Rose Cook is the latest Featured Writer. Her poems are always deceptively simple and are full of striking imagery that can blow you away. Her voice is so assured and nuanced I can hear it in every word she writes: she is a skilled and captivating performer. Her latest collection, with an amazing image on the cover, is called Notes from a Bright Field where themes of identity and motherhood are explored.
I know Rose likes birds because she has written about them in her Oversteps book Taking Flight, so here are some more field notes … eight small swallows were clinging to the top wire of the fence between the fields. They had not just fledged but they were diminutive swallows with short tails and no long streamers. And at least one or two of them bore little patches of red on a throat, the males. They can only be …what 3 or 4 weeks old maybe? They did look slightly wobbly clinging on the low wire but as I opened the gate they took to the air like the swallows they are and skimmed low over the nodding heads of grass seed. Looping back they swerved past me as if they were playing Dare and I heard their small chattering voices, not yet fully twittering yet. Their flying was getting more skilled but they won’t be able to achieve what their fathers can do till their tail streamers develop because these apparently increase manoeuvrability. They still have a couple of months left to practise before they will need to fly to Africa at10 metres per second, which is approx 24 mph. A day later they were nowhere to be seen: they must have taken to the high wire and the bigger skies over the moors.
Here Is a picture that I found on a swallow site of their tail feathers sprouting: not yet ready to fledge:
That same morning a family of goldfinches was sparkling among the seed heads. The father takes on the youngsters and shows them the ropes, teaching them how to be goldfinches. They undulated out of the grasses where they must have been feeding on the seed of hawkweed. They use their beaks to prise open seeds and then scoop out the contents with their long tongues.
A small Greater Spotted Woodpecker comes to eat peanuts. He is perfect in every respect with the nape of his head already red. He isn’t quite brave enough to see off his harlequin-coloured father who flies in like a sparrowhawk, all spread wings and gusto. But he has recently learned how to hang off the feeder and help himself now. I think there is a sibling around, too.
A single blackbird with browny gold feathers and no yellow beak follows the male, who owns this territory, around what I think of as my garden. The father is showing his offspring, male or female (impossible to be sure yet), where are the best places to feed and how to stay safe. I have left the redcurrants on the bushes (each one a tiny world) and every morning they both zoom out of the leaves, the father clucking as if he assumes I would mind: it is the least I can do for the song we enjoy from dawn to dusk from March- May or June. As you can see, they only choose the ripe ones. They don’t leave much behind.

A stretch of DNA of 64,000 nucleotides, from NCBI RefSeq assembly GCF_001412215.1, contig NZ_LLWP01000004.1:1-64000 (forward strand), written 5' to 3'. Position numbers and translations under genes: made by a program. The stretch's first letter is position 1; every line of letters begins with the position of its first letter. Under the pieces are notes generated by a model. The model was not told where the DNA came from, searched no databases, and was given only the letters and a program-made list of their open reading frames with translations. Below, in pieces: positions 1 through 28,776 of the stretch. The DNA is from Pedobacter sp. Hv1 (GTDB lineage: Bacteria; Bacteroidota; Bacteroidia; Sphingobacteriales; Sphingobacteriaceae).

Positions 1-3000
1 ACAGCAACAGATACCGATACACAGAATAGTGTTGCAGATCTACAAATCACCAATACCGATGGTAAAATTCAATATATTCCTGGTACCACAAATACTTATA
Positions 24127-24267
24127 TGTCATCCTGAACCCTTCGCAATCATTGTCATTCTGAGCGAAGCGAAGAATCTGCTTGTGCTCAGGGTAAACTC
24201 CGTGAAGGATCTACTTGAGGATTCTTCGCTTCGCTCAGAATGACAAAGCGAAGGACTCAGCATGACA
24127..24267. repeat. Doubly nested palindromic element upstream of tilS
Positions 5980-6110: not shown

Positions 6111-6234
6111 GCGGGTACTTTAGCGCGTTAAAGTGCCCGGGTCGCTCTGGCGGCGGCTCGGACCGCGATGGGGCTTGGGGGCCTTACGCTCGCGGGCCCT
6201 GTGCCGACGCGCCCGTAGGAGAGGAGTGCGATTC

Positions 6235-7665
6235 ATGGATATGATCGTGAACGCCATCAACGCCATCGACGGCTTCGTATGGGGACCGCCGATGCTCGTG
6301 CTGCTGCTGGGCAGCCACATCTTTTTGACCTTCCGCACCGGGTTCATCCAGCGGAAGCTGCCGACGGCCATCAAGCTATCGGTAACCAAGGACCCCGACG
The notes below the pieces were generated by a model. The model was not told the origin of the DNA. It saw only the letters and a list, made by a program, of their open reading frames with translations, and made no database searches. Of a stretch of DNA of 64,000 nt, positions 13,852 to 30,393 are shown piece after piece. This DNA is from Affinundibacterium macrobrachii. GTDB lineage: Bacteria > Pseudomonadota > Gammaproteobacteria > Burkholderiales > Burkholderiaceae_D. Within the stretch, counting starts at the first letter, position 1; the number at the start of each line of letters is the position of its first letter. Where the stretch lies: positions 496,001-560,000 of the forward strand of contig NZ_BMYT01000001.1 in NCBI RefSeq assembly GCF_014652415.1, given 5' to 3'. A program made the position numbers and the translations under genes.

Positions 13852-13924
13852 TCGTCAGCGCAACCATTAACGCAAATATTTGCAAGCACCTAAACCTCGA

But I think back to other summers and there should be more than just the one adolescent: the trouble is the week after fledging is the most vulnerable in a blackbird’s life (any bird). Blackbirds can’t fly at all well at first and spend much of their time in the undergrowth waiting for their wing feathers to grow and their muscles to develop. Cats are their worst predator. (We don’t keep one for that very reason, but a brazen farm cat from next door patrols our garden especially in the evenings.) So there seems to be only one from that brood and all its necessary frantic, hard work. It is possible that the female is trying to squeeze in another sitting as she hasn’t been around for a while.
August is said to be the quietest bird month and I’ve heard it called the hammock month. But there is plenty to watch: the air in the sunshine is brimming with bees, hoverflies, little white pug moths and butterflies of all kinds (Red Admiral, Skippers) darting in and out of the bramble, knapweed, yarrow and rosebay willow herb flowers. And, at night, so many spectacular moths come to the light we keep the windows closed. Summer hasn’t been as rich as this for years. ‘All these things I saw as if they had been my own, as if I were going again slowly through old treasures long hidden away, so that they were memoried yet unexpected…. ‘ wrote Edward Thomas of the summer of 1908 in The South Country.